Christopher Hitchens once averred that you don't.  Religionists claim that it is divinely endowed. Others claim that all are freelancers subject to subornation by others. Your thoughts?

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Doctor Clark, it seems to me you are invested in the notion of free will.

Yes, addiction is yet another refutation of free will falling under category previously adduced by Christopher. Perceiving an addiction's deleterious aftermath the actor continues to indulge. If the power of the addiction wins out over the power of the will nearly every time is it free?

Changing one's mind or making up one's mind or being consistent in one's decisions first occurs at an unconscious level. Obviously, patently any decision which occurs without our knowledge is not free.

Doctor Clark, it seems to me you are invested in the notion of free will.

Well, no. It's more an attempt to discover why you feel absolutely certain it can't exist.

Free will vs. determinism is an argument that has been going on for two thousand years or more, and when a philosophical question is undecided for that length of time, it suggests the question itself may be wrongly posed.

Consequently I am reluctant to take your word that there is no free will until you offer quite a bit more than just your opinion —an opinion which by your own view is not freely chosen, but the product of your unconscious mind as conditioned by unknown factors.

Changing one's mind or making up one's mind or being consistent in one's decisions first occurs at an unconscious level.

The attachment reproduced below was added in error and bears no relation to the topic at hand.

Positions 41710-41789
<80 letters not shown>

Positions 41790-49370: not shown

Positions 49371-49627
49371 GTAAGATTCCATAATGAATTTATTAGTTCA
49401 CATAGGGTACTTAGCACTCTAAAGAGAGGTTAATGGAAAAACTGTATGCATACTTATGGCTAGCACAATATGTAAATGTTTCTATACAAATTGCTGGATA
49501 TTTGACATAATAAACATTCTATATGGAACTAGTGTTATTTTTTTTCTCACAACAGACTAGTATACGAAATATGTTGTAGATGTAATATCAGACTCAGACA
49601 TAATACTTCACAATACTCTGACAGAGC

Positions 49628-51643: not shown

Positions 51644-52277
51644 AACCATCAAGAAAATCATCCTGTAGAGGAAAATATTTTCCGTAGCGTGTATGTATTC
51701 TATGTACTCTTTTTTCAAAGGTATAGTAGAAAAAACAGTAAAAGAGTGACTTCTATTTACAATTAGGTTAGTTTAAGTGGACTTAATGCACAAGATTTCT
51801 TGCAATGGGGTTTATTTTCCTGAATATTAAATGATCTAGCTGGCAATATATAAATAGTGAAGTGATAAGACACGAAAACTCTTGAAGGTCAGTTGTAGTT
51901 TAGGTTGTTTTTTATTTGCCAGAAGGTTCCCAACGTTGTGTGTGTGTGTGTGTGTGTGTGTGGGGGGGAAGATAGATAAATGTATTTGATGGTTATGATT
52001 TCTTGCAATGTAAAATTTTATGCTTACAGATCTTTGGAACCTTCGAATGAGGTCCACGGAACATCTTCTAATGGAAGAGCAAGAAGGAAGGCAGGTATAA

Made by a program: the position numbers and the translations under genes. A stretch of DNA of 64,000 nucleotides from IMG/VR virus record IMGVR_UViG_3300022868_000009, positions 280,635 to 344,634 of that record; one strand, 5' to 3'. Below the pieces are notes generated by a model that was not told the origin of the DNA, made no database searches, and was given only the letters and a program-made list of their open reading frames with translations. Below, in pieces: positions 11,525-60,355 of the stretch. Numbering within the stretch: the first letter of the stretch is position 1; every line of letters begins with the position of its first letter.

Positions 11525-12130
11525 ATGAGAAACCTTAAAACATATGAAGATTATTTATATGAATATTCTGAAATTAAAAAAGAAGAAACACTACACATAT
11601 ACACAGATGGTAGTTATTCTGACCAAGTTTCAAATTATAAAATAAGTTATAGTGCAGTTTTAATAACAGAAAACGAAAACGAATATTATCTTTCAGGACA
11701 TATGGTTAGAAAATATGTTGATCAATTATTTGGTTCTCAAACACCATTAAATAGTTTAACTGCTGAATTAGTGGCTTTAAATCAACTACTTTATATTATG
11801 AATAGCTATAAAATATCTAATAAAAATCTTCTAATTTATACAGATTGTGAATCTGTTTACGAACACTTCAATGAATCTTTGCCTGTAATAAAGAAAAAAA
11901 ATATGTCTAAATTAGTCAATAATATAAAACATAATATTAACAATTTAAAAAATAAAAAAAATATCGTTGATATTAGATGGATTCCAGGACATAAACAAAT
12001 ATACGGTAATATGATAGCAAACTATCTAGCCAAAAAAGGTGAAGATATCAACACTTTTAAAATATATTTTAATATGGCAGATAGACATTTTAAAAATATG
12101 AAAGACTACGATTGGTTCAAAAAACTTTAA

How do you know this is true in every case? Such a blanket statement needs quite a bit of justification to be credible. The implication that all decisions of all kinds are always determined by the unconscious mind would appear to be a very difficult thing to verify.

Please do not put words in my mouth. There is no AHA! moment stumbled on or otherwise that puts this argument to sleep. Lack of free will doesn't win on a technicality.

I'"m saying choices can be limited by both obvious and subtle circumstances. Just because options faced can be restricted, it is the options that are limited, not your determinations on what to do about them.

The boundaries are determined by the physics that happen to you. Not to mention the particular society you find yourself in with its memetic influences and zeitgeist flavouring which could be impediments in exercising your free will.

Free will can be quashed but that in no way extinguishes its existence.

There are obvious limitations to physical existence. Who is to say there are limitations to the imagination. If you limit the meaning of "will" to be applied only to that which can result in achievable outcomes, it is you who arbitrarily decide "free" does not apply.

There are countless examples in the realm of ideas where if it can conceived then it can be achieved.

As humans the physical origins and physical influences on thought still result in thought. We still have the ability to steer our thoughts at will. Free will means the ability to conceive and mitigate control to ourselves the uniqueness of our own thoughts. Mustering this and navigating this in the waters we find ourselves swimming in is admittedly a talent. That could be achieved by what some of us call learning.